Abstract/Details

HIV service utilization among female sex workers in St. Petersburg, Russia: individual and contextual influences on access to testing and treatment services


2010 2010

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Abstract (summary)

Introduction. Female sex workers, especially women who are injection drug users, are particularly vulnerable to HIV in St. Petersburg, Russia. Factors that influence the utilization of services by this marginalized population have not been adequately explored. The objective of this mixed-methods study was to gain a better understanding of the facilitators and barriers to accessing HIV services for female sex workers. The research was guided by the theoretical perspectives of the Health Belief Model and Structural Violence.

Methods. Fieldwork in St. Petersburg consisted of participant observations of HIV services, and 29 in-depth, semi-structured interviews and 152 structured interviews with female sex workers. Qualitative data were coded in Atlas.ti and multivariable logistic regression was performed using SAS 9.2 to determine which factors were associated with recent HIV testing.

Results. The mixed-methods findings showed that perceived barriers to getting an HIV test revolved around fear of learning the results, worrying that other people would think they were sick, and the distance needed to travel to obtain services. Quantitative data demonstrated that if a female sex worker reported knowing someone who has HIV then she was more likely to have had a recent HIV test [OR=6.31, 95%CI (1.06, 37.44)]. The results of this study revealed that female sex workers experience stigma, discrimination, and physical violence. Participants discussed the fear or being treated poorly by health care providers because of their status as sex workers, drug users, and HIV-infected. Results from the quantitative data analysis indicated that female sex workers who perceived stigma associated with HIV to be high were less likely to have received a recent HIV test [OR=0.90, 95% CI (0.84, 0.97)]. There are structural barriers embedded within the health care and state system that participants struggle to negotiate with, and in many cases are limited by their social marginalization to access the care they need.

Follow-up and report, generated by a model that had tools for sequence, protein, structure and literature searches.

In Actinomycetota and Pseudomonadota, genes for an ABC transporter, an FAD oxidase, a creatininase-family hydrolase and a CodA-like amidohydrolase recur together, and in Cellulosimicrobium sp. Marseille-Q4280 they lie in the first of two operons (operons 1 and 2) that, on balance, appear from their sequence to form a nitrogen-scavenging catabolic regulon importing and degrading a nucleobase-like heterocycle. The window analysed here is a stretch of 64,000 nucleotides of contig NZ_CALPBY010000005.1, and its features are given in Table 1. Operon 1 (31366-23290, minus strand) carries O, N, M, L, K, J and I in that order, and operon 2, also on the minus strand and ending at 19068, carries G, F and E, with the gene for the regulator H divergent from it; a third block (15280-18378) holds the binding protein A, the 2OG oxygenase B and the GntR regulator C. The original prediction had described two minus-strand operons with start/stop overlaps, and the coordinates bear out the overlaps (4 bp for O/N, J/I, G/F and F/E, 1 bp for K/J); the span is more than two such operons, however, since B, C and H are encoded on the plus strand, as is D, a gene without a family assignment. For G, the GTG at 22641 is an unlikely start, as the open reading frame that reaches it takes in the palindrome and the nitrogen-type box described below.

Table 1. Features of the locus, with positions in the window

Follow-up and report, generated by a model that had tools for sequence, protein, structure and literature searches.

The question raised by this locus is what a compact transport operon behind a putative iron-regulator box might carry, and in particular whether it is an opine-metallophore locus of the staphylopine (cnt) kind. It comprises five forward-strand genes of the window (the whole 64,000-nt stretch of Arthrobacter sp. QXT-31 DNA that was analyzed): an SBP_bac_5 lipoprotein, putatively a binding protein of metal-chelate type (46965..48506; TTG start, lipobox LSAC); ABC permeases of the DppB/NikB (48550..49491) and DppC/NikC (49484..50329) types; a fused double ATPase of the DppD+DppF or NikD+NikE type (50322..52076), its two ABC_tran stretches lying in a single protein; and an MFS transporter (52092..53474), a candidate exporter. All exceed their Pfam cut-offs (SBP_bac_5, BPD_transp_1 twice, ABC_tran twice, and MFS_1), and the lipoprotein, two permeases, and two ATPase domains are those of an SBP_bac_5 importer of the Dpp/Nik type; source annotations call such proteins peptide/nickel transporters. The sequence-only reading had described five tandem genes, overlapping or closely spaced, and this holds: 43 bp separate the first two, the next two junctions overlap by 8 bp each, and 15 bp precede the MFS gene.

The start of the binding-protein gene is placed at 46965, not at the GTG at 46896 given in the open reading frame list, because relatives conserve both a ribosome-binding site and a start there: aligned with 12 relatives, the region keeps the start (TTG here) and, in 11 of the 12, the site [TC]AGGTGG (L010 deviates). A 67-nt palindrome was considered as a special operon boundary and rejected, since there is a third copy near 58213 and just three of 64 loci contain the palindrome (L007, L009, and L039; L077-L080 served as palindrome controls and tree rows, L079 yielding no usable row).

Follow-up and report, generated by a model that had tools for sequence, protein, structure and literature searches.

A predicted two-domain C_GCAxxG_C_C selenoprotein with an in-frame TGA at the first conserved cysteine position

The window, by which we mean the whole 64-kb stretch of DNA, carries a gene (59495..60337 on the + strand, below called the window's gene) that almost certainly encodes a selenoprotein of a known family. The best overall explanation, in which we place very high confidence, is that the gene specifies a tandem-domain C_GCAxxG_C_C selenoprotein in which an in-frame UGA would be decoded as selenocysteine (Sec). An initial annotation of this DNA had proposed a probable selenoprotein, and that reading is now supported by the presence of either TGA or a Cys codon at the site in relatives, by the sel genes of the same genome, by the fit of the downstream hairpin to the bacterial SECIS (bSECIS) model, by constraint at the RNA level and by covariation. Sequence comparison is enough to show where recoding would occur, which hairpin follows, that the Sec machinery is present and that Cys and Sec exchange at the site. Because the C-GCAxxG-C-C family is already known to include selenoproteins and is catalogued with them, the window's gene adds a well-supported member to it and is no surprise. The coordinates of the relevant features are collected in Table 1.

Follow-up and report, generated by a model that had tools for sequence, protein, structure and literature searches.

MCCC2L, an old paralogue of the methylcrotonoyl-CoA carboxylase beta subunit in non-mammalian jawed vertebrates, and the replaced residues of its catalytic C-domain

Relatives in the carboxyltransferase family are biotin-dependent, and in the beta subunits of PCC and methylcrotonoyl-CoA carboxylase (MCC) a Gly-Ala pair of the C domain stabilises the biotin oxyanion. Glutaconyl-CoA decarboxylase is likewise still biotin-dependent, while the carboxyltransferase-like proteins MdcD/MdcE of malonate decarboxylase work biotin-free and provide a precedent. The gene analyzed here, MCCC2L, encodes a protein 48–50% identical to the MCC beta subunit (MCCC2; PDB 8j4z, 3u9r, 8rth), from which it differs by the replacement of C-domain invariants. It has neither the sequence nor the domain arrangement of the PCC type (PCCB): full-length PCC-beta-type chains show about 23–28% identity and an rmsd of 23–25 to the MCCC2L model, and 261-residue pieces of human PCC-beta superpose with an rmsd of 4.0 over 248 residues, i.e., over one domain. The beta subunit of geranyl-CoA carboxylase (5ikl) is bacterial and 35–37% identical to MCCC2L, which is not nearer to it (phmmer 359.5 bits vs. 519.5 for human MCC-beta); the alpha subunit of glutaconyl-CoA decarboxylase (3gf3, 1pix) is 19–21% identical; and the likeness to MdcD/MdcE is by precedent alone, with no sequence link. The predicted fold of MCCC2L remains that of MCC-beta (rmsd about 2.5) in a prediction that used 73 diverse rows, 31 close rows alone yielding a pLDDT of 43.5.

Conclusions. Results from this study highlight the need to improve access to HIV services for marginalized populations, further expand outreach services for sex workers on the streets and in brothels, address stigma in the health care system, and develop innovative ways to provide support to marginalized populations in negotiating the utilization of HIV services.

Indexing (details)


Subject
Public health
Classification
0573: Public health
Identifier / keyword
Health and environmental sciences; Contextual influences; Female; HIV service; Injection drug users; Sex work; Treatment
Title
HIV service utilization among female sex workers in St. Petersburg, Russia: individual and contextual influences on access to testing and treatment services
Author
King, Elizabeth Jane
Number of pages
183
Publication year
2010
Degree date
2010
School code
0153
Source
DAI-B 71/09, Dissertation Abstracts International
Place of publication
Ann Arbor
Country of publication
United States
ISBN
9781124172644
Advisor
Maman, Suzanne
Committee member
Bowling, J. Michael; Moracco, Kathryn; Rivkin-Fish, Michele; Vuletic, Ivana
University/institution
The University of North Carolina at Chapel Hill
Department
Health Behavior & Health Education
University location
United States -- North Carolina
Degree
Ph.D.
Source type
Dissertations & Theses
Language
English
Document type
Dissertation/Thesis
Dissertation/thesis number
3418713
ProQuest document ID
751224870
Copyright
Database copyright ProQuest LLC; ProQuest does not claim copyright in the individual underlying works.
Document URL
http://search.proquest.com/docview/751224870
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